Mabuta demonstrates the power of digital media

Mabuta demonstrates the power of digital media


As more and more artists break away from the outdated, restrictive, and sometimes exploitative model of record labels, the perpetual growth of digital media continues to empower musicians by giving them creative freedom and an opportunity to take control of their career path.

While there’s an abundance of freedom that comes with being an independent artist, it usually comes at a significant cost, the most notable of which is the limited access to funds needed to produce one’s art.

MABUTA – a South African jazz quintet formed by double bassist, Shane Cooper in March 2017 – had a body of new songs but were in dire need of funds to record their debut studio album. Taking advantage of the power of digital media and community, they launched a crowdfunding campaign to raise the money needed to cover the high costs of production, post-production, and printing. In exchange, contributors were promised awesome perks including the full-length album, remix EPs, t-shirts, and some premium packages like house concerts.

Cooper enlisted the help of Julia Ramsay to record the crowd-funding campaign video which includes excerpts from ‘Bamako Love Song” and sees the award-winning bassist playing a solo double bass set against a serene Cape Town backdrop.

The campaign was an astounding success, raising 102% of their $8000 USD target in just over a month. (That’s approximately R100 000 depending on whatever – or whoever – is dominating news headlines.) They immediately headed to the studio to record the much-anticipated Welcome To This World album with Cooper on bass, Bokani Dyer on keys, Sisonke Xonti on tenor sax, Robin Fassie-Kock on trumpet, and Marlon Witbooi on drums featuring special appearances by Shabaka Hutchings, Reza Khota, Buddy Wells and more.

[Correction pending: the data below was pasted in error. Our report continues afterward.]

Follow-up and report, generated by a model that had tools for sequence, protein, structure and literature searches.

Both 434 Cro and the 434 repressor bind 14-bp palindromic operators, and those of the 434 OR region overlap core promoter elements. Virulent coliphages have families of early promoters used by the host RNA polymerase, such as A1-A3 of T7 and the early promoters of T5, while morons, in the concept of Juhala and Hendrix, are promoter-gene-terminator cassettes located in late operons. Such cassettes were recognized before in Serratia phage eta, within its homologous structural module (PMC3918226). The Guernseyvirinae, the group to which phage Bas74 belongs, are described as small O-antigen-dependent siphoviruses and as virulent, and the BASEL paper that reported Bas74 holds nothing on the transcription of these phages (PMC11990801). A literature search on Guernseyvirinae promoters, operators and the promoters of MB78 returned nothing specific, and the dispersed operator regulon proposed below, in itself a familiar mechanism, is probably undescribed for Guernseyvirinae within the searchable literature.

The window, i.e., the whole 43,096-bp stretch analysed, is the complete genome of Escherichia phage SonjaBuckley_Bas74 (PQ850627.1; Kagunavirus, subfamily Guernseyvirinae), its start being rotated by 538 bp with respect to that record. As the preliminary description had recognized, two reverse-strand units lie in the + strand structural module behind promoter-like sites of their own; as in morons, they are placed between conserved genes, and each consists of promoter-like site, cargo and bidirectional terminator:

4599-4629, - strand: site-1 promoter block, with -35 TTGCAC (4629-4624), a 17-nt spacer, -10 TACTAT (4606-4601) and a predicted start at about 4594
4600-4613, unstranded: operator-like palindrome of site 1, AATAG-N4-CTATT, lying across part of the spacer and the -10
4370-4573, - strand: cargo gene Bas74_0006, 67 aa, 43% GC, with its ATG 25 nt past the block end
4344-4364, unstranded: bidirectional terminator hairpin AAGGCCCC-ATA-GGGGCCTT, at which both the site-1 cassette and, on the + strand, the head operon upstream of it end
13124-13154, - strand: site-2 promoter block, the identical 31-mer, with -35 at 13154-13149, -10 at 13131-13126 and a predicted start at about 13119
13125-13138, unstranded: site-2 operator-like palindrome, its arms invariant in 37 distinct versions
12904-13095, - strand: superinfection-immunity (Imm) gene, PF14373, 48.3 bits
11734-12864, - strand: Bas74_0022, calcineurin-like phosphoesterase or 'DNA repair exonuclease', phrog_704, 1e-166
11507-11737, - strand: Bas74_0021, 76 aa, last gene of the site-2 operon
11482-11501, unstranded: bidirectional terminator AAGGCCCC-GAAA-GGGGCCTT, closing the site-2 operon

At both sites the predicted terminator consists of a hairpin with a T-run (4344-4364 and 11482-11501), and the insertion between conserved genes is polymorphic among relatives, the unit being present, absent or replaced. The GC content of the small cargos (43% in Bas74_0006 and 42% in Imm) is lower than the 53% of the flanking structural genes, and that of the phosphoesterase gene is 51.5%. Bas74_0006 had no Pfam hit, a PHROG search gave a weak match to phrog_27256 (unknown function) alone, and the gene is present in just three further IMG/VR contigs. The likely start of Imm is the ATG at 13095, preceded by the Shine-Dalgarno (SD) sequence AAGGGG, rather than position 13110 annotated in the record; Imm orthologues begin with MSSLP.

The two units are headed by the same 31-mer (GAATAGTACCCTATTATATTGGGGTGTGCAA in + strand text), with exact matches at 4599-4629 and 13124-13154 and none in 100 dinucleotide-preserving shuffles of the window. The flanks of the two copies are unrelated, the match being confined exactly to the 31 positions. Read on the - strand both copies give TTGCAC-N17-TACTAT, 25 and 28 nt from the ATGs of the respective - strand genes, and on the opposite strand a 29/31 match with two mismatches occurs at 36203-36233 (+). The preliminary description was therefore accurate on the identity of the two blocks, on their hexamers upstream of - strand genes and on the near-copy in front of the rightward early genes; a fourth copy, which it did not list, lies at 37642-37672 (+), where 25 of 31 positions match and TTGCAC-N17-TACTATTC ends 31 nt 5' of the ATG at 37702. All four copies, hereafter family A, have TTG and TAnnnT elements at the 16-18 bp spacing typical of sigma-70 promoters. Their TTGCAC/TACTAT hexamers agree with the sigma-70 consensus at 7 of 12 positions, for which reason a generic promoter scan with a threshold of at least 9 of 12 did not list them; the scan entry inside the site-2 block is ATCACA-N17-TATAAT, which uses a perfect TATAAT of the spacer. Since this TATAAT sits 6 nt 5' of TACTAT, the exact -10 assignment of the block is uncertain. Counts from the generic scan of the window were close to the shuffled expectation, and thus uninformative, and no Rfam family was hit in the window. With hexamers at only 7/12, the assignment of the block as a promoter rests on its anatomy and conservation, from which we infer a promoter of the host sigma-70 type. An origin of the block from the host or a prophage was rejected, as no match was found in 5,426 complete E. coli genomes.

The 10 track project highlights the unique energy that each band member brings, the palpable chemistry they share and their ability to draw influence from and seamlessly marry jazz and electronic music. As a renowned electronic dance music producer under the moniker Card On Spokes, the latter is something that Cooper is undeniably well-versed in.

A licensed piece by Toronto-based multi-disciplinary artist Rajni Perera, who uses her art to investigate diasporic dreamworlds,  serves as the album artwork. At the album launch,  live at The Orbit in Braamfonteinthis past weekend, Cooper shared that he wanted to work with her for a number of years and this was the perfect opportunity.

In an interview with Weekend Special, Cooper describes MABUTA (which means “eyelid” in Japanese) as a “colourful, lucid dream filled with unusual tastes and textures.”

“I started thinking about the significance of the eyelid, in being the doorway between waking and sleeping, reality and dreaming,” he says.

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